ATLASSI MOHAMMED (Morocco) said that the World Court, in its capacity as the sole universal international jurisdiction with competence in judgments and making advisory opinions, dealt with disputes ranging from territorial and maritime disputes to genocide to conservation on biological resources.  The Council and the Assembly as well as the other United Nations organs were authorized to ask the World Court for advisory opinions.  As the judicial organ par excellence of the United Nations system, the World Court had an important role to play in peacefully settling disputes.  Many disputes had been resolved through the simple fact that one of the parties had suggested submitting the matter to the World Court.  The body contributed to bolstering and clarifying the rule of law for the benefit of peace.  The World Court’s jurisprudence had broadly contributed to rules of international law.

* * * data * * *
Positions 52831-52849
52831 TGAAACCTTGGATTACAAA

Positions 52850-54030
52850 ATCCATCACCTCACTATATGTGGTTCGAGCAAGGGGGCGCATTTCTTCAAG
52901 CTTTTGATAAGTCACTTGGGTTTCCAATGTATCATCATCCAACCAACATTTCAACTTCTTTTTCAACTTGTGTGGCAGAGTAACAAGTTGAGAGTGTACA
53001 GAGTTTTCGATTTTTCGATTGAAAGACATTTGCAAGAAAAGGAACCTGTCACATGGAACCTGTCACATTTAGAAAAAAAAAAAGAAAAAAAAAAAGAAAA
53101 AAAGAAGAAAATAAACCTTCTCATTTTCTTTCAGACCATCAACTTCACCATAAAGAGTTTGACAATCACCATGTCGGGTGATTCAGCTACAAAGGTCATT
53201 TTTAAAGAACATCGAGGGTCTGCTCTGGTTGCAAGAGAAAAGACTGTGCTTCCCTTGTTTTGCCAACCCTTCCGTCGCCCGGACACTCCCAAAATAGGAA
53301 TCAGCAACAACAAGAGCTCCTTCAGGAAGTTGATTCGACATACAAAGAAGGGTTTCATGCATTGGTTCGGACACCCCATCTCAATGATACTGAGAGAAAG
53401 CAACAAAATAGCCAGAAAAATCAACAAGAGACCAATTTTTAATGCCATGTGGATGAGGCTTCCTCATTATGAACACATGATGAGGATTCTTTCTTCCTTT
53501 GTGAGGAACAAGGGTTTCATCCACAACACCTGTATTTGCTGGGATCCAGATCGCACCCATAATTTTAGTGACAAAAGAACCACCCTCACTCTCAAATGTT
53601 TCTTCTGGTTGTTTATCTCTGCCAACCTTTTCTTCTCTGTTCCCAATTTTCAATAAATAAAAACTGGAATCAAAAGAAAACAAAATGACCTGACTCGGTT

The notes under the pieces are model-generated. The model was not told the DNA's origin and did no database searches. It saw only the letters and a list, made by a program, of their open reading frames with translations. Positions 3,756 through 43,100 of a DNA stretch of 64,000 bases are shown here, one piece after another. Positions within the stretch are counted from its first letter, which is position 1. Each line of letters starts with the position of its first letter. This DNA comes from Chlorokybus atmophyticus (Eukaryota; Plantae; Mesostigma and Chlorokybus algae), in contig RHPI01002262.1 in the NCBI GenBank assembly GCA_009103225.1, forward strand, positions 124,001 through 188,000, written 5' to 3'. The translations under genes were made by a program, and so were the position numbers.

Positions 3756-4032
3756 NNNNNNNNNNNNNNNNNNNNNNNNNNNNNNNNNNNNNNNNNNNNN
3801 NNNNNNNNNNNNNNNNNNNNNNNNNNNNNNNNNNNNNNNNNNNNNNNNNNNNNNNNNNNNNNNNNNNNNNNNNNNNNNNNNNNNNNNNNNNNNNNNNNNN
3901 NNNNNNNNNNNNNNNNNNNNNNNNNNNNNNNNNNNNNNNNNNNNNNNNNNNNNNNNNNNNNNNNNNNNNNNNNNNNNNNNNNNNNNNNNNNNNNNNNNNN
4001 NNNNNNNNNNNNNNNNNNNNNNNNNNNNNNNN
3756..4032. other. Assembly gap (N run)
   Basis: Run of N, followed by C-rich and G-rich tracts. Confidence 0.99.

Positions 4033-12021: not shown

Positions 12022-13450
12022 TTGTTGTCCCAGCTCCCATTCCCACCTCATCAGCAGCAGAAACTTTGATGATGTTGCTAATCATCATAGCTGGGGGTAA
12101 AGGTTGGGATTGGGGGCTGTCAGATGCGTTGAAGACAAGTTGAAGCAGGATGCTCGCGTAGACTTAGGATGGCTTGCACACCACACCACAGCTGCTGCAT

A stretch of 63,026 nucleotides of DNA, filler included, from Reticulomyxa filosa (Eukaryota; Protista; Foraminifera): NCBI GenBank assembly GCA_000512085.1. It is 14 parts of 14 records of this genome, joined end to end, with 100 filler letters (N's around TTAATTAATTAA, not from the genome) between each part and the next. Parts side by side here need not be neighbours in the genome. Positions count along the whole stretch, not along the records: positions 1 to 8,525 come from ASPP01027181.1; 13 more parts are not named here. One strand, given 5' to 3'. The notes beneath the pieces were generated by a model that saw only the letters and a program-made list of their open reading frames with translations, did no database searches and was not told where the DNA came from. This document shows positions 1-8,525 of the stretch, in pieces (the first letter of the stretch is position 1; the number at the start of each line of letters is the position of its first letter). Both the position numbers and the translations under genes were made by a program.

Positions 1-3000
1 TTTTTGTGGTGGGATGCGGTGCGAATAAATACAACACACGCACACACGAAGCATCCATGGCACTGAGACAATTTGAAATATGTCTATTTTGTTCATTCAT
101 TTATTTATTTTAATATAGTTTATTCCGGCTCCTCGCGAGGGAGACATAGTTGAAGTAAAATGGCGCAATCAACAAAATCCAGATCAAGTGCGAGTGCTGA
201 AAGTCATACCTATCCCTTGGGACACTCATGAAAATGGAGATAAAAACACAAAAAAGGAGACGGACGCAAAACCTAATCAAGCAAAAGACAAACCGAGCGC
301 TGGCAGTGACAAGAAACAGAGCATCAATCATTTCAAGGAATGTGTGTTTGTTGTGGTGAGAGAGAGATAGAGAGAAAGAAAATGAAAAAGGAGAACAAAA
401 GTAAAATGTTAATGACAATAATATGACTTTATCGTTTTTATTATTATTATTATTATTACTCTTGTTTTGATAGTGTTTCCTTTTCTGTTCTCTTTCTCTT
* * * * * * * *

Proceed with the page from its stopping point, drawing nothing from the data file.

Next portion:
Action

The Assembly, acting without a vote, then took note of the report of the International Court of Justice for 1 August 2014 – 31 July 2015 (document A/70/4).

International Criminal Court

SILVIA FERNANDEZ DE GURMENDI, President of the International Criminal Court, said the body had a central role in upholding the widespread expectation that atrocious crimes could not go unpunished.  To fulfil its mandate, the body relied heavily on the cooperation of States and organizations.  Its main priority was to enhance its effectiveness and efficiency.  In the past few months, judges in particular had made unprecedented efforts to expedite the criminal process by adopting best practices and revising working methods, achieving positive results in that regard.